Forget the Ritz and the Westin. The coolest place to stay in Sarasota, Fla., at the moment is the tiny-house resort called Tiny Siesta, a collection of 10 or so tiny houses that people rent for the night, like a hotel room. It’s an idea whose time has come.

Sarasota Magazine reported that cable TV now has entire shows devoted to tiny houses. For the still uninitiated, they are little houses on wheels. You don’t drive them around, but rather park your tiny house somewhere, usually rural, and live in it full-time. Tiny-house people are usually young and a little counterculture.

What makes a tiny house so fascinating is the cleverness of the interior design. An incredible amount of livability is packed into less than 300 square feet. One of the Tiny Siesta houses even has three bedrooms, or, more correctly, three sleeping areas. Every inch is utilized, often for more than one purpose, and a tour through a tiny house can take a while, since there are so many little gimmicks to discover.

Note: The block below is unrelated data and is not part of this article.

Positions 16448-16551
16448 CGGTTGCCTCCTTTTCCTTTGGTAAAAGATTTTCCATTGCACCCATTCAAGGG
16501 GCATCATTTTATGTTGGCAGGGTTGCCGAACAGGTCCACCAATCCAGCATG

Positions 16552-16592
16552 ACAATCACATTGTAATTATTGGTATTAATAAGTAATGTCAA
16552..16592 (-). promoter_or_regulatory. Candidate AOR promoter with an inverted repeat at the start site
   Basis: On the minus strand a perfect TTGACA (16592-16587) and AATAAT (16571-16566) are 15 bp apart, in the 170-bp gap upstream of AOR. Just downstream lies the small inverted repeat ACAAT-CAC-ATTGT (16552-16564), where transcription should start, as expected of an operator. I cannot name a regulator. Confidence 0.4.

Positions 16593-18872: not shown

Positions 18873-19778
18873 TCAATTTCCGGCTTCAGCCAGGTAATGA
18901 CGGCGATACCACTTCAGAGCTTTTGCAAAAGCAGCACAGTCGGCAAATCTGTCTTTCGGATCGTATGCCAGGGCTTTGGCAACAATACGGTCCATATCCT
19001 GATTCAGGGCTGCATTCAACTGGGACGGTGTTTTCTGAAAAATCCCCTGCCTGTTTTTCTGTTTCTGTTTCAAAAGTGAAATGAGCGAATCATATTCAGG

Tiny Siesta is the brainchild of Jeremy Ricci, an investor who specializes in vacation rentals. When he acquired a sliver of an old RV park, he thought, why not tiny houses? He bought several of them, but now he has them made to his own specifications by Amish carpenters in Ohio and towed down.

Each one is a little different. The Siesta Lifeguard Stand has a replica of its namesake, painted the same bright yellow—there’s also a red one—serving as an enclosed front porch. Open the front door and you’re in a teensy dining area, with two stools up against a counter made from a surfboard.

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